Having come up with an idea and created some entertaining content around it, how will you unleash your joke on the world? The best campaigns roll out across multiple channels, so if you’re on social media then make sure you post across all your platforms so that it’s easy for as many people to share it as possible.

Make sure all your staff are in on the joke so that they know how to respond to any customer queries, and you may also want to come up with a strategy for replying to comments on social media. It’s a good idea to have someone continually monitoring the response in case it’s not taken in the lighthearted way it was intended.

Don’t forget that April Fool’s Day isn’t actually a whole day – you only have until 12pm to fool around, so time your joke for first thing in the morning to make the most of the day.

Debrief

There are always going to be some people who don’t get that it’s a joke (either you were too convincing, or because they didn’t notice the date), so it’s advisable to come clean later on April Fool’s Day. The traditional cry of ‘April Fool!’ is a good way of announcing that it was all a bit of fun, either in a new post or as a comment on the original post.

Perhaps this is a good moment to mention that April Fool’s Day jokes – fun though they are – should also be treated with caution. They do have the potential to backfire if someone doesn’t see the funny side, or people feel foolish because they’ve fallen for a prank. Even the biggest brands get it wrong sometimes – see Google’s disastrous ‘mic drop’ April Fool or H&M’s confusing Mark Zuckerberg prank.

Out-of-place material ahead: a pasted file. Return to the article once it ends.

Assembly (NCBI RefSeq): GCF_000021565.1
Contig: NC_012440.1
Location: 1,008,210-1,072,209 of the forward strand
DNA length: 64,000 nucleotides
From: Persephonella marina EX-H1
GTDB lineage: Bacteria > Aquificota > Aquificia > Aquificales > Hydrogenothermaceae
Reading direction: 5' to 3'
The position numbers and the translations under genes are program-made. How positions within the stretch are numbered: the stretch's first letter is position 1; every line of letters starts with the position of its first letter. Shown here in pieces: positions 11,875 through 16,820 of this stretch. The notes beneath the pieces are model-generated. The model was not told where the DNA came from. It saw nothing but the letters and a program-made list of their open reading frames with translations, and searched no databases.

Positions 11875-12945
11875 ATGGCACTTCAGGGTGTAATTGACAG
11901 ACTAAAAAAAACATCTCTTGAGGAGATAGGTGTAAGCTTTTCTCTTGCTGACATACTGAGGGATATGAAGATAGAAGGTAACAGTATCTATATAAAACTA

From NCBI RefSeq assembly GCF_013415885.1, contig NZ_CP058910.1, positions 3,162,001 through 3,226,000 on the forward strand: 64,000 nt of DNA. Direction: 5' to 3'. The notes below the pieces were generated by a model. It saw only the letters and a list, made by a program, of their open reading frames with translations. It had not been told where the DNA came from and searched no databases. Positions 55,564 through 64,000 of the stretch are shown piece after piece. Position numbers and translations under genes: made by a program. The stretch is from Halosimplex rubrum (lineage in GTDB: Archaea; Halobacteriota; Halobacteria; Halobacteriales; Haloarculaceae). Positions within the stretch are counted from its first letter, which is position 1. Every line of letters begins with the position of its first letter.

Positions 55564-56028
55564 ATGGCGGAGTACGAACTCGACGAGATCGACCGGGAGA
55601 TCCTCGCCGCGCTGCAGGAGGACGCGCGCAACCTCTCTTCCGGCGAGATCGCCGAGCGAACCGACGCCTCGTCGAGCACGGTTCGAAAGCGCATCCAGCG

April Fools’ Day marketing dos and don’ts

Nobody wants to end up in the round-up of the worst pranks instead of the best ones, so to try to make sure that doesn’t happen, here are some final ‘Dos and Don’ts’ to help your April Fool’s Day marketing campaign go without a hitch.

  • DO run your ideas past a few different people to make sure it’s not just you who thinks the joke is funny
  • DO plan your launch carefully and cover all your marketing channels for a consistent message
  • DO create a landing page on your website and link to it from your social media posts to encourage traffic
  • DO make it easy for people to share
  • DO involve your whole company – everyone in your business should be in on the joke
  • DO drop a subtle hint that it’s all a joke – look at the media quotes on the H&M prank
  • DO let everyone know that it was a joke later in the day – you can do this with a follow-up post or by commenting on the original post
  • DON’T choose April Fool’s Day to announce or launch something that isn’t actually a joke – it’s a sure-fire way to confuse people
  • DON’T say anything controversial and claim it’s a joke
  • DON’T do anything that will cause trouble or inconvenience to your customers (see the Google mic drop example) – and if you do so inadvertently, be sure to issue a profuse apology

My final word of April Fool’s Day advice is DON’T force it. If you really can’t think of a genuinely funny idea, it’s better to do nothing at all than run with something lame!

Rachel Ingram is a freelance copywriter with a background in digital marketing. She's written copy for clients ranging from the United Nations World Food Programme to The North Face, and particularly enjoys working with lifestyle and travel brands. In her spare time, she volunteers for Guide Dogs and flies light aircraft and helicopters.